Andreas Baumgarten is a Microsoft MVP and works as an IT Architect with the German IT service provider H&D International Group. He has been working as an IT professional for more than 20 years. Microsoft technologies have always accompanied him, and he can also look back on more than 14 years' experience as a Microsoft Certified Trainer. Since 2008, he has been responsible for the field of Microsoft System Center technology consulting and ever since has taken part in Microsoft System Center Service Manager (2010, 2012, 2012 R2 and 2016); additionally, he has participated in the Microsoft System Center Technology Adoption Program with H&D since many years. With his deep inside-technology know-how and his broad experience across the Microsoft System Center product family and IT management, he now designs and develops private and hybrid cloud solutions for customers all over Germany and Europe. In July 2017, he was awarded the Microsoft Most Valuable Professional (MVP) title for System Center Cloud and Datacenter Management for the sixth year in a row.

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  • Susan Roesner

    Susan Roesner is a cloud architect with expertise in a wide range of technologies and industries (public and private), including Fortune 500 organizations. Since 2009, she has been working in Microsoft virtualization and Microsoft System Center technology, IT management consulting, focusing on cloud solutions for on-premise enterprise customers as well as service providers in addition to compliance aspects. Before joining Wortmann AG in 2017, she worked as an IT architect consultant, in the financial sector, and in compliance/IT security, working on projects such as SOX and ISMS implementations, on compliance audits (internal and external), and compliance policy/process creation.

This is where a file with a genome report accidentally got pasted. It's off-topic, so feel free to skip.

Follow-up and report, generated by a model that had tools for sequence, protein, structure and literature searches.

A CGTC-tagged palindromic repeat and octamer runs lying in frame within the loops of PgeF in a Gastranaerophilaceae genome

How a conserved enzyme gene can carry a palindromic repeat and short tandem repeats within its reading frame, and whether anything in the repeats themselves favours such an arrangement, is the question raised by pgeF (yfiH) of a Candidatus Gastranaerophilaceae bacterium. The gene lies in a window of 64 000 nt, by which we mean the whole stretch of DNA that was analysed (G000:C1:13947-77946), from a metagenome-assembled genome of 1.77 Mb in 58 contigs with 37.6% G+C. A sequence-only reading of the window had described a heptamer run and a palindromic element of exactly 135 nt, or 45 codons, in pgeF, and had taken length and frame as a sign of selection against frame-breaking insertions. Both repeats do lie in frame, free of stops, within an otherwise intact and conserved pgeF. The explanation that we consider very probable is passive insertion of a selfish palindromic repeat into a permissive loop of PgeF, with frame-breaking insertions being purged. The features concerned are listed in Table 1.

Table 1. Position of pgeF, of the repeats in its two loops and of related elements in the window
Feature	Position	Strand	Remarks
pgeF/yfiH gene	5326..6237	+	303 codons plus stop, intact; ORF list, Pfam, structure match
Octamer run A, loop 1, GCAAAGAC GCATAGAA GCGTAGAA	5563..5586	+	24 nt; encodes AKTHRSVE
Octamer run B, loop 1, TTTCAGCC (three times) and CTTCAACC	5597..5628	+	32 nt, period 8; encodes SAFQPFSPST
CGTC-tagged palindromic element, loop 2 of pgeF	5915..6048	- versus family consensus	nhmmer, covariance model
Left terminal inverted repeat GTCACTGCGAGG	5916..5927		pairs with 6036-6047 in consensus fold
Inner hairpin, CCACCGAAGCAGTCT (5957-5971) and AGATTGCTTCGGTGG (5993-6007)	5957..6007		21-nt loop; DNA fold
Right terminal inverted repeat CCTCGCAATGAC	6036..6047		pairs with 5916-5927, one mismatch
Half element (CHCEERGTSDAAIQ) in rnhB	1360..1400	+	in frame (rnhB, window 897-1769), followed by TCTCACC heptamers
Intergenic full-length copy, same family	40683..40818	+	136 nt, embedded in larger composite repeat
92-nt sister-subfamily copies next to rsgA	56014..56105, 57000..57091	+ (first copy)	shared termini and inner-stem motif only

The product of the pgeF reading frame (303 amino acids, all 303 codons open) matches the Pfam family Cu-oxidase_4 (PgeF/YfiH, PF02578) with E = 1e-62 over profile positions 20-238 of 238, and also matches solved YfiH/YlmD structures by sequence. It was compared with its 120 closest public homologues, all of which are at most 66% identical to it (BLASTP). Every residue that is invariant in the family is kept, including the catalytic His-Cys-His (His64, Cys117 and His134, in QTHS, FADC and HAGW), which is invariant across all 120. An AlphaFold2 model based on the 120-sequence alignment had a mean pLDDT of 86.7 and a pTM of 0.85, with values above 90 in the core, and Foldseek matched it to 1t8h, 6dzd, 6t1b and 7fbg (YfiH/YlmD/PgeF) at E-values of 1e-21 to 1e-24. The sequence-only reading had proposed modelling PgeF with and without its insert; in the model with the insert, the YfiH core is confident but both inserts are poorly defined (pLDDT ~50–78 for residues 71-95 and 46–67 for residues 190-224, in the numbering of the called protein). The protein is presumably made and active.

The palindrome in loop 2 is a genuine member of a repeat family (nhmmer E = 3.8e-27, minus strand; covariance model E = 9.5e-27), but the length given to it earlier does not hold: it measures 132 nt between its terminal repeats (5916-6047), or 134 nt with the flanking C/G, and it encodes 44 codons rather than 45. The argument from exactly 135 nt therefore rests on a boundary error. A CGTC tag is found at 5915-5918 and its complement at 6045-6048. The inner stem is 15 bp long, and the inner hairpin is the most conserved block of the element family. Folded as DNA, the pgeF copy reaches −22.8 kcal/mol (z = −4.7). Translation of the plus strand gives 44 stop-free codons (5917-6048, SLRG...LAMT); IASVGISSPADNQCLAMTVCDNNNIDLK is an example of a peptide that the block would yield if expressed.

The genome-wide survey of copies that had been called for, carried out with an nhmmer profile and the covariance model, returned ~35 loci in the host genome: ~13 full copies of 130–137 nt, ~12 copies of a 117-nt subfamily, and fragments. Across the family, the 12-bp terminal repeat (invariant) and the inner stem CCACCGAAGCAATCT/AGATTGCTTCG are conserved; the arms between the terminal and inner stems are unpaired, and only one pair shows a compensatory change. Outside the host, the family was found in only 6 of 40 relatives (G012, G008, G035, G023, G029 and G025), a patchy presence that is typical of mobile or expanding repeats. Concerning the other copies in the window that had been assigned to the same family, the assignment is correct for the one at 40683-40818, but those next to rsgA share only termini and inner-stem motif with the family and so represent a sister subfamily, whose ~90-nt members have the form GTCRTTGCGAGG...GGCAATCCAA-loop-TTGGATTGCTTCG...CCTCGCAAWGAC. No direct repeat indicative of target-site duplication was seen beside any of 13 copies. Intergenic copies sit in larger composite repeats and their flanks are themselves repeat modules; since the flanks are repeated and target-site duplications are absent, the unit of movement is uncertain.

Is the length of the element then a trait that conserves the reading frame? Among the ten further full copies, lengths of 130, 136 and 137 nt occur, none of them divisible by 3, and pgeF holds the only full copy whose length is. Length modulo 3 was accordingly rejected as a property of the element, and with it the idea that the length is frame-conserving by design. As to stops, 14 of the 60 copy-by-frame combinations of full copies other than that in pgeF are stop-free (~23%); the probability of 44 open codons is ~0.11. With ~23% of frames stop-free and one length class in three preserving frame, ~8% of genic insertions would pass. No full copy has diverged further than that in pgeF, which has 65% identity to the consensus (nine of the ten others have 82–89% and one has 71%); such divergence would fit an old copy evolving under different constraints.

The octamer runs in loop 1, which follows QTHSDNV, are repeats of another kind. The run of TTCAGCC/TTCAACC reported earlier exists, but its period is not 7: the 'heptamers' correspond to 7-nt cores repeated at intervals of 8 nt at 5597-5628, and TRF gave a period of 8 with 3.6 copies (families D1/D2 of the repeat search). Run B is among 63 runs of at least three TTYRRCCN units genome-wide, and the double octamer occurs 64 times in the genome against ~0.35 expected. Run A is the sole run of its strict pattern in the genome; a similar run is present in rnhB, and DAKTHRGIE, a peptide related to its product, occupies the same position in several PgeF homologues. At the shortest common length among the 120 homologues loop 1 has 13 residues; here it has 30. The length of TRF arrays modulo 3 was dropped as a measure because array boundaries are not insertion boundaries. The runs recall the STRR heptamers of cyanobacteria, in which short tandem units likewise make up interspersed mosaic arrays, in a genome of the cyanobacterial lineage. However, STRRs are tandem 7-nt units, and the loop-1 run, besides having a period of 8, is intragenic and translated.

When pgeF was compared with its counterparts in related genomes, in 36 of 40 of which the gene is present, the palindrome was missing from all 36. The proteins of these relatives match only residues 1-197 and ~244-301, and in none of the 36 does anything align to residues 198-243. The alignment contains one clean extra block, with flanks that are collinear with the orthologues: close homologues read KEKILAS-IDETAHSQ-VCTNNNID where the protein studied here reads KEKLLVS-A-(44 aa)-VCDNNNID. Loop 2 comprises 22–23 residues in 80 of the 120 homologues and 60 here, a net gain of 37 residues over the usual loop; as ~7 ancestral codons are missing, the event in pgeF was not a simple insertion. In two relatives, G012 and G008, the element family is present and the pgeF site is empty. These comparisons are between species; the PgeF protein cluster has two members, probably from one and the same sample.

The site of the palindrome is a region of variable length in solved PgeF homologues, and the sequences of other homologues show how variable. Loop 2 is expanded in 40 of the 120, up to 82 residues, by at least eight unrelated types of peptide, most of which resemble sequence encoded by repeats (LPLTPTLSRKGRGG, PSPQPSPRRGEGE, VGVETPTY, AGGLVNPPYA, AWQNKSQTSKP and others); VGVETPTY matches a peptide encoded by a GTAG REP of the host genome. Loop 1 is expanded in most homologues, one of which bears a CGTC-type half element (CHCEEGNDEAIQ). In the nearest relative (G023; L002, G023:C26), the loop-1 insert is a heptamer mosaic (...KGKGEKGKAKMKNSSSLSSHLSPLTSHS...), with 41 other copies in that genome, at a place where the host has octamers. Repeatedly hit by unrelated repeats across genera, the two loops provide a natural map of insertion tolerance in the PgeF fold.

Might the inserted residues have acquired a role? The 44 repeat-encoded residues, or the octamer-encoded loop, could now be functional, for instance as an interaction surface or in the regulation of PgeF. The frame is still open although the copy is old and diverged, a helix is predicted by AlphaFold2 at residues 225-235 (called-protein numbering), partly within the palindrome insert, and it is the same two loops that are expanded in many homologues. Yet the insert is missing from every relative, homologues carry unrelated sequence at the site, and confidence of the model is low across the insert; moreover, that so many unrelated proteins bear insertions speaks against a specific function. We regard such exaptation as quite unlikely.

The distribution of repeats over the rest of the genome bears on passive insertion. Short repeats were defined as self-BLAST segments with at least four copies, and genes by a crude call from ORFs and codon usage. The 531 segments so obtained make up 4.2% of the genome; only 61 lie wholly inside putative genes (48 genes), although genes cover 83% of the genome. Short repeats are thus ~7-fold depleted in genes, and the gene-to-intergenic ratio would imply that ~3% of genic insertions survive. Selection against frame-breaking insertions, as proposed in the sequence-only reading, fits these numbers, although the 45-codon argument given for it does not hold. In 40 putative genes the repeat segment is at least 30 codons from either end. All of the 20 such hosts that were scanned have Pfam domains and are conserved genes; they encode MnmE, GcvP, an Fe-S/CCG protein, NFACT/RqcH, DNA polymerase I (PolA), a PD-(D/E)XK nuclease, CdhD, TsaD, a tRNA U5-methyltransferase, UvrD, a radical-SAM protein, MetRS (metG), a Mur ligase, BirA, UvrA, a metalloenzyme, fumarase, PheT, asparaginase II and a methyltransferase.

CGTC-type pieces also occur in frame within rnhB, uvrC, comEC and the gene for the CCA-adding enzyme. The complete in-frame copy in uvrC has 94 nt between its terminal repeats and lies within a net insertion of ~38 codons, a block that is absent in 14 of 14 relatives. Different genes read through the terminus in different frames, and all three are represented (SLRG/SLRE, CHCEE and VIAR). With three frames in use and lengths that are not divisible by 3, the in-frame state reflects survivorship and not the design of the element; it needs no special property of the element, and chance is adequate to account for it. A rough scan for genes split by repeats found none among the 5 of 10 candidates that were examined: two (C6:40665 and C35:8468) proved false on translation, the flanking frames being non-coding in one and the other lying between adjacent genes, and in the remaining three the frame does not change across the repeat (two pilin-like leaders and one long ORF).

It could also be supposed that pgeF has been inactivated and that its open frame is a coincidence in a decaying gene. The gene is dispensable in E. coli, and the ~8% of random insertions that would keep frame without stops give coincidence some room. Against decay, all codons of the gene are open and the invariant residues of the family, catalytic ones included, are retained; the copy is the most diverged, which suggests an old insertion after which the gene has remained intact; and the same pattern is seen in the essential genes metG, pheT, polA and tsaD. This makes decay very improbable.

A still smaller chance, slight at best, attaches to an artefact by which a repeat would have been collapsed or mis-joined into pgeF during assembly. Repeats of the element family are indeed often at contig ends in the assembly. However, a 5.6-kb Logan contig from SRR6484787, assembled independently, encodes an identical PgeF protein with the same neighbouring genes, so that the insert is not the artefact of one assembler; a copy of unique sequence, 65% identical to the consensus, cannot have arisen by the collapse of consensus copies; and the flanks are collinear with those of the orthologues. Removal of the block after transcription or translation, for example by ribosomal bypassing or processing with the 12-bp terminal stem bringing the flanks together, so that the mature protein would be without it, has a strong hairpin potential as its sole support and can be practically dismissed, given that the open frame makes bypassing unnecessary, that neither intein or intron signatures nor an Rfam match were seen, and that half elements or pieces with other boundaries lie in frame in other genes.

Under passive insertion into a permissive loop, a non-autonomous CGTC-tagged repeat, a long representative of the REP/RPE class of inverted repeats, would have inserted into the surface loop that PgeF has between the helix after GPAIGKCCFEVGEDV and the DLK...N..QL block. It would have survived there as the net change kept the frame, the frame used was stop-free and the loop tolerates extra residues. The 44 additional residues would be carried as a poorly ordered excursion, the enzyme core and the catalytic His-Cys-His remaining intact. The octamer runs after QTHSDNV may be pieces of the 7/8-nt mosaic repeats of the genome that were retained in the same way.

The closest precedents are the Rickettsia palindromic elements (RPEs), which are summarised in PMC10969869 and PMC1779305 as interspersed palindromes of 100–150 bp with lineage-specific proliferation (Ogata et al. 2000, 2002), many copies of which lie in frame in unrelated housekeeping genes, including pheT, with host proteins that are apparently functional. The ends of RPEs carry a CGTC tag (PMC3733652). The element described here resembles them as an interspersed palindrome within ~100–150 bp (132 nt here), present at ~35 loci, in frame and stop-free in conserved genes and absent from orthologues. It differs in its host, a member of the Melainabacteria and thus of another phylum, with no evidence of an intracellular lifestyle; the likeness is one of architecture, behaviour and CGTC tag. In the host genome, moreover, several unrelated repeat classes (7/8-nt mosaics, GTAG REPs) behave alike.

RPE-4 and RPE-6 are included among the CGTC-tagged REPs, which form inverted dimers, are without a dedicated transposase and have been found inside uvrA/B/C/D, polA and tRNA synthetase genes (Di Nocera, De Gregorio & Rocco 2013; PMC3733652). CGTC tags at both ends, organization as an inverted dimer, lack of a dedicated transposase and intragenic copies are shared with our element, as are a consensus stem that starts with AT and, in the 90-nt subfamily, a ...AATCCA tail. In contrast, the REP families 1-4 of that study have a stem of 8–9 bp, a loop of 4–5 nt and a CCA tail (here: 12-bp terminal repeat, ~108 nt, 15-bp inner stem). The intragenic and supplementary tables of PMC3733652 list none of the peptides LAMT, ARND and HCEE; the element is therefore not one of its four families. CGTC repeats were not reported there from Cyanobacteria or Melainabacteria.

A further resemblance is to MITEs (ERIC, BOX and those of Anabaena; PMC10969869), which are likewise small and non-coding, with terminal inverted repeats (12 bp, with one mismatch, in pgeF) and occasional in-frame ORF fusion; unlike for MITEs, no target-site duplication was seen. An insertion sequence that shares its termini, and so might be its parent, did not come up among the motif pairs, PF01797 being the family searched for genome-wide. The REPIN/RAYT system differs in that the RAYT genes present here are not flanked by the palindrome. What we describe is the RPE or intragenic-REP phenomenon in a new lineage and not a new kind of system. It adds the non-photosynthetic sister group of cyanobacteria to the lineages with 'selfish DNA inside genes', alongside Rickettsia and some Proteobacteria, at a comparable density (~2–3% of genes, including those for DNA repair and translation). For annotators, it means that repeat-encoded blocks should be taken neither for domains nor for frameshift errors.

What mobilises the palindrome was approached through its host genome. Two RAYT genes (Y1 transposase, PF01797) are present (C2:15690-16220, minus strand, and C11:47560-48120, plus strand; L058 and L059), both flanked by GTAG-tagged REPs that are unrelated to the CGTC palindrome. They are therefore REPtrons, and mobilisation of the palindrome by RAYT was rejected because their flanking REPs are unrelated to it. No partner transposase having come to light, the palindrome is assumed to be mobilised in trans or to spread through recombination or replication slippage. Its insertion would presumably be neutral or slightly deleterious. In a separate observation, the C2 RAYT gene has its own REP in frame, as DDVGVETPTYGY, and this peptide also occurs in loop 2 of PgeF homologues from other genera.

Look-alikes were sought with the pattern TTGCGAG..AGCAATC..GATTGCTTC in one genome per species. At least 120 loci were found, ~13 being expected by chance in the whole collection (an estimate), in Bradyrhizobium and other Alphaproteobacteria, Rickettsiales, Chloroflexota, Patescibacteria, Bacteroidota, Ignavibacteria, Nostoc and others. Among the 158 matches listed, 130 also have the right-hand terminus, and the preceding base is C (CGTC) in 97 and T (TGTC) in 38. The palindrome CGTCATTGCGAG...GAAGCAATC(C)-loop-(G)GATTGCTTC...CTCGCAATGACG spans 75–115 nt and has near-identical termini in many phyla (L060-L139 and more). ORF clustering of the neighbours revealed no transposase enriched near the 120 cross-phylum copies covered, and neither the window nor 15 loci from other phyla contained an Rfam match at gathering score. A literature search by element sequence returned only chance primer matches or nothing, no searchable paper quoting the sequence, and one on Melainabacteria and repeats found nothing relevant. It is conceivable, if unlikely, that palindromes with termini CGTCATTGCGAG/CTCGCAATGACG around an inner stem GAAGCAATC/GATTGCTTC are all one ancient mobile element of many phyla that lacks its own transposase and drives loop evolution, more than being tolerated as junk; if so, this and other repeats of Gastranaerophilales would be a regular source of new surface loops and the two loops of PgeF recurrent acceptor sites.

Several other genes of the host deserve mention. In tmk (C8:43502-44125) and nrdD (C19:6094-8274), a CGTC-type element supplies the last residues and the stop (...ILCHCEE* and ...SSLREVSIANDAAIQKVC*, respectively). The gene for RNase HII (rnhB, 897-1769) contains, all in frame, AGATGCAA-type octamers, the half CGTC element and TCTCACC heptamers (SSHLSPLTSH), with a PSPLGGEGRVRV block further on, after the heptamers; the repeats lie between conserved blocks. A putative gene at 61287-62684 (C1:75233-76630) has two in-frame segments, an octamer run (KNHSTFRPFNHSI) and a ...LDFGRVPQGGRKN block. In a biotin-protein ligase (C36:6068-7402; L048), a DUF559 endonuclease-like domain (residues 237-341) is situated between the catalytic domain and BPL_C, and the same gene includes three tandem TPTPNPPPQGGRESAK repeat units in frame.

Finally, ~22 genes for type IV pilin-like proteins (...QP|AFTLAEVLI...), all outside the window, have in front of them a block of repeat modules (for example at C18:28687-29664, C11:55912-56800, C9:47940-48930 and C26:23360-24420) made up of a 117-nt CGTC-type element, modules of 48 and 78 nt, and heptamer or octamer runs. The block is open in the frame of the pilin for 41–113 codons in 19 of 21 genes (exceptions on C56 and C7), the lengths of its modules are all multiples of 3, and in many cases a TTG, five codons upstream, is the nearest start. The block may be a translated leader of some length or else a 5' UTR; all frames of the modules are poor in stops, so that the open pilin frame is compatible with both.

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  • Ronnie Isherwood

    Ronnie Isherwood, MCITP, MBCS, is a technology entrepreneur who has worked in the IT industry for more than 20 years including 15 years' experience in delivering infrastructure, systems management, and virtualization technologies to government, financial, and legal companies. He has worked with Microsoft Learning Partners as a subject matter expert and technical reviewer contributing to several MCSE courses on server and cloud. In 2014, he co-founded a software development company, JE3.COM, where he works on designing infrastructure services and software solutions for the financial services industry. Ronnie is committed to the IT community and is the founder of a Microsoft Windows user group and Chairman of BCS, The Charted Institute for IT, Jersey.

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Microsoft System Center 2012 R2 Compliance Management Cookbook